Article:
Technology has come a long way since the Industrial Revolution, progressing from steam-powered locomotives to today’s powerful computers, which are essential “rocks we have trained to think”.
Technology and our never-ending knack for making it better have become humanity’s most potent tool in our arsenal, allowing us to accomplish tasks that were once thought impossible. However, with this technological progress has come an obsession with ownership, making it challenging to navigate the concept of property today.
In the past, claiming ownership was as simple as calling dibs on something. You could declare something as yours, and people would respect it. Of course, there were occasional disputes, but these were typically resolved through physical, verbal, or written agreements. Ownership in the old days was a straightforward concept: if you bought something, you owned it, and you could do whatever you wanted with it. However, with the increasing complexity of modern technology, things have gone haywire for everyone.
Fast forward to today. You’ll see that it is rare to find tech pieces that don’t come with their own privacy agreement/terms of service. Walls of text that state what you can and you can’t do with the device. Some even go so far as to prohibit tampering with the device’s software or internals, with the caveat that if you do so, warranty revocation and other sanctions will be placed upon you or your device. You’d see this happening mostly in smartphones, but it goes for everything, even tractors and farming implements have been found to place certain parameters or bylaws that disable its user from tampering and tinkering with its inside. A true dystopian horror story.
However, amidst this utter pandemonium, heroes of ownership and bringing the power to own back to the people come up every now and again. One of the most impactful of all is blockchain technology, which, apart from facilitating transactions within its designated network, is also inadvertently becoming the champion of ownership to its people. For one, it offers a decentralized and immutable way for individuals to recognize ownership without worrying about corporations and large-scale infrastructures beating them to it. Additionally, it also offers an open-source, publicly accessible way of ownership recognition, where owning a specific block in the blockchain means that it is yours, and as long as you can prove it’s you, no one can take that right.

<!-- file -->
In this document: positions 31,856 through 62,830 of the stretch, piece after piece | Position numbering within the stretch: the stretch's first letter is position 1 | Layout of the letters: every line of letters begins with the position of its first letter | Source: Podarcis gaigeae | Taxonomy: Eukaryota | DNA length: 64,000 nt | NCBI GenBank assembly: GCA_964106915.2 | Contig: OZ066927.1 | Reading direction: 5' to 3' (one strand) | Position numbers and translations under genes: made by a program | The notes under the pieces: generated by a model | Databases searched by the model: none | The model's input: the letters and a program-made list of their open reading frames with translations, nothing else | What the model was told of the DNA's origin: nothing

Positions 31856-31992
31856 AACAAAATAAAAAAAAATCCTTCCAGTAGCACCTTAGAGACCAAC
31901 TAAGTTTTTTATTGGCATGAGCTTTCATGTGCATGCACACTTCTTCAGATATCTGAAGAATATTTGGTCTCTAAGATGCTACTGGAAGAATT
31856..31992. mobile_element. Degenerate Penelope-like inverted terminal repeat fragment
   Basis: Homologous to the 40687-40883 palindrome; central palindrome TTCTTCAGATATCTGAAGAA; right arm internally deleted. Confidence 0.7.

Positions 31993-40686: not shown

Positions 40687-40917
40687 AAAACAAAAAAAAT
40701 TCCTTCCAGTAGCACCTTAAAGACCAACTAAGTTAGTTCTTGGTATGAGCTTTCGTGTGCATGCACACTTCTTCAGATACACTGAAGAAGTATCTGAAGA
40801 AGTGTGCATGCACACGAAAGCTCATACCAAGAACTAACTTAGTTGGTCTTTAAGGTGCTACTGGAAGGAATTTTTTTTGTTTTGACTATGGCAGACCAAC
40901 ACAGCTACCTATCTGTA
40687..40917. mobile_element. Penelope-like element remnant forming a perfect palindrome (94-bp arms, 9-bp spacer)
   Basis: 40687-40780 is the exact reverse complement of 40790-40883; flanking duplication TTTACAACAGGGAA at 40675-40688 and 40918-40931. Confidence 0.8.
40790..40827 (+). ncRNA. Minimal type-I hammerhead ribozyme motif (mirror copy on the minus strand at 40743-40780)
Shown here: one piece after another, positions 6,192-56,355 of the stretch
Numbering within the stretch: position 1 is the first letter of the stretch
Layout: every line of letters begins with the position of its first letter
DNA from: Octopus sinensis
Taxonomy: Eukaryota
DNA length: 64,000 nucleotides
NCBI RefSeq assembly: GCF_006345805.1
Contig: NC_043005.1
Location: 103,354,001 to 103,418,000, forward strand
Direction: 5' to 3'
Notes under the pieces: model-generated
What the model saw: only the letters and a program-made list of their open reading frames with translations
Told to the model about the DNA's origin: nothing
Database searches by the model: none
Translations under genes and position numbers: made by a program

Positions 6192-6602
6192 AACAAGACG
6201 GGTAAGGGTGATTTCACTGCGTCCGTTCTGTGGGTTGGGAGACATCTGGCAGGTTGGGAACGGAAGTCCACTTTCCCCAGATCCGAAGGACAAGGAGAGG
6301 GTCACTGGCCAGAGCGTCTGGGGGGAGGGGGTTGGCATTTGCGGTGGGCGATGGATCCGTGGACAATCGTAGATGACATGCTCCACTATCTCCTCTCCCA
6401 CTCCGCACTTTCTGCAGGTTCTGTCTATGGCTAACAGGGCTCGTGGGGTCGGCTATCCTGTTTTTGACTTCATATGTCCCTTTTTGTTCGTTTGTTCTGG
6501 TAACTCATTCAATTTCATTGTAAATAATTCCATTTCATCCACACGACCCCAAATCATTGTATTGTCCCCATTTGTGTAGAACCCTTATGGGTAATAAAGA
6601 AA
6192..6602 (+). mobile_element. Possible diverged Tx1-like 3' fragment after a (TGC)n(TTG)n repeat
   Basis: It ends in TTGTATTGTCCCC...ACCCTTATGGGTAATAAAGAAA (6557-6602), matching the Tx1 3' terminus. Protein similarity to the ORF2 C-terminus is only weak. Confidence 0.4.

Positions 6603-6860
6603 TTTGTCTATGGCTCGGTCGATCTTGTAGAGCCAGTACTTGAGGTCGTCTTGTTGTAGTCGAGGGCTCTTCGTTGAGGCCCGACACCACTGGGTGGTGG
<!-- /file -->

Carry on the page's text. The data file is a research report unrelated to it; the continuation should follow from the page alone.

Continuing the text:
Projects like CUDOS, the leading solution for decentralized cloud computing, are not only pushing for their primary motives but are also hoping that the blockchain could be implemented in everything it could. CUDOS most especially realizes this by championing the metaverse, which in itself is a brand new way to perceive the whole world, as well as how we view ownership.
These two opposing fronts of technological development — one privatized and the other open-source — were designed to suit their creators’ interests. The privatization of technology ownership may continue to dominate in the short term, but the rise of blockchain technology and the push for increased accessibility to cryptocurrencies by projects like CUDOS are positive developments for the future of technology ownership.